supplied by nerves arising from L4 and 5 and S 1 ; the cases that led to the localisation and ultimate and (4) the lymphatic vessels in the lumbar regionremoval of an intraspinal neurofibroma. anastomose freely, and there are lymphatics around Dr. HUGH GARLAND (Leeds) said he had not been the nerve trunks. Two factors were involved in the impressed by the value of drugs, massage, and production of the ordinary type of sciatica : a decrease electrical treatment in the relief of sciatica. in local resistance due, for example, to anatomical In the ordinary type of case, he had had considerable abnormality or to injury ; and a toxsemia which was success with the epidural injection of saline or novothe exciting cause of the perineural inflammatory cain solution. It appeared to him that it was the process. In a series of 420 cases he had often noticed that the patient complained first of a lumbago, generally bilateral, and that an appreciable interval elapsed before the onset of the true sciatica. Seeing that the process was primarily inflammatory, the treatment of the acute condition was rest in bed, perhaps for five or six weeks. This in itself might be sufficient to give relief. If pain persisted it was due either to adhesion formation or to a major lesion which had not at first been apparent. Adhesions could be dealt with either by manipulation or by epidural injection of saline solution, preferably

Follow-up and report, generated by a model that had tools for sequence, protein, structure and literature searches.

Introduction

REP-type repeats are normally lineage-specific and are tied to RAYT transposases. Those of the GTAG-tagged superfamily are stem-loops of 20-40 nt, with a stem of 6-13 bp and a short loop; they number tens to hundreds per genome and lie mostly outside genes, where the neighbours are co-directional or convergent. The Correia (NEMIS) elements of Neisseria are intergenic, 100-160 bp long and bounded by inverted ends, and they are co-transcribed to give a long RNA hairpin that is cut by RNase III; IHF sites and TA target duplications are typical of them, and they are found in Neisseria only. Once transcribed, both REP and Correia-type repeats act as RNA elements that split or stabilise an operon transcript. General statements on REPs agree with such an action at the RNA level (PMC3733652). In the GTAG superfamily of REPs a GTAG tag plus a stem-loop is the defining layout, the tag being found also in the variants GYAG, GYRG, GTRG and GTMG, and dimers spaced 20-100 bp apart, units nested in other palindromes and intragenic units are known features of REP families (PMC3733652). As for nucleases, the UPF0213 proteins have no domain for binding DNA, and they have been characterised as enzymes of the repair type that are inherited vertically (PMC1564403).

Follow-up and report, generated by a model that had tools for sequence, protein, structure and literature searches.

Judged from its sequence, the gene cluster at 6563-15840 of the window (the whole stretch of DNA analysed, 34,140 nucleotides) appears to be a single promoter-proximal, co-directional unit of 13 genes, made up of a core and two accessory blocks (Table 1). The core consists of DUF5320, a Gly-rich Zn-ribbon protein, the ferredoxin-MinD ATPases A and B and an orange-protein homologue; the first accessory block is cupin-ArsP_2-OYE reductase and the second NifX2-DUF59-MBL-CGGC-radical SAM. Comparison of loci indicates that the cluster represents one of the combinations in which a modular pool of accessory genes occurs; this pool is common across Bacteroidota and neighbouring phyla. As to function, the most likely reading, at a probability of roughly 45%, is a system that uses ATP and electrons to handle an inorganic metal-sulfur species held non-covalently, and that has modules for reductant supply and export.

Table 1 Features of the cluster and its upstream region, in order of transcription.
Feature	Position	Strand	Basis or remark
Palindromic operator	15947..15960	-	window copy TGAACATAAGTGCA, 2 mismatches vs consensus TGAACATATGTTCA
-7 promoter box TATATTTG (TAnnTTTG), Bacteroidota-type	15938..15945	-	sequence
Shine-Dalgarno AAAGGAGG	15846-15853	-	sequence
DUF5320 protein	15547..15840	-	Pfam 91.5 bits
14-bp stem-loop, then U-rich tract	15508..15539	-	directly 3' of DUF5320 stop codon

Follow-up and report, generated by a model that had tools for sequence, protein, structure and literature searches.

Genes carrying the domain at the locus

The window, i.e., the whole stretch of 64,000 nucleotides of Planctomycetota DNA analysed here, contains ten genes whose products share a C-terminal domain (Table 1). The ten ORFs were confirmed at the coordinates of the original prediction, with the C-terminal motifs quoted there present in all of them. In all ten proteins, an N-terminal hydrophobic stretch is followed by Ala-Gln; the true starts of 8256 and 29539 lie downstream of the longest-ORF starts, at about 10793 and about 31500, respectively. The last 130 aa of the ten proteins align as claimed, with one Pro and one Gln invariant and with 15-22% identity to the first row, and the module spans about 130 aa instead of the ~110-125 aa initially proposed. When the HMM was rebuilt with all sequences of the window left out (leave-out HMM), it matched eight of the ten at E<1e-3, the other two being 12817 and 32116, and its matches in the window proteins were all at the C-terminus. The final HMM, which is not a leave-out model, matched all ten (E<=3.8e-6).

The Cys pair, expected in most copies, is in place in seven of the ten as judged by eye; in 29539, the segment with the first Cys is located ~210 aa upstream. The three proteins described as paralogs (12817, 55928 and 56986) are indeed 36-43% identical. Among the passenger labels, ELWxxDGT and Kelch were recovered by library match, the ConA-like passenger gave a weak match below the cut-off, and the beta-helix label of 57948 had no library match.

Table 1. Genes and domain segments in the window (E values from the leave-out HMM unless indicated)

presence and volume of the fluid that mattered more than its composition. He had performed 52 injections in 37 cases ; 60-160 c.cm. was injected. In 80 per cent. the improvement was immediate and gratifying, often amounting to complete relief. In the remainder he had repeated the injections, sometimes more than once, but he found that if the first injection failed it was unlikely that another would succeed. Some of the immediately successful cases had relapsed, but fortunately the relapses proved amenable to a later injection. In endeavouring to determine retrospectively which cases would be likely to respond favourably to injection, he found a normal ankle-jerk on the affected side the most reliable favourable sign. Dr. J. B. MENNELL (London) advocated manipulative treatment for the acute traumatic cases. There was no need for vigorous manipulation, for the joints concerned were quite small, and the gentlest movement when the patient was relaxed under good anaesthesia was sufficient to restore normal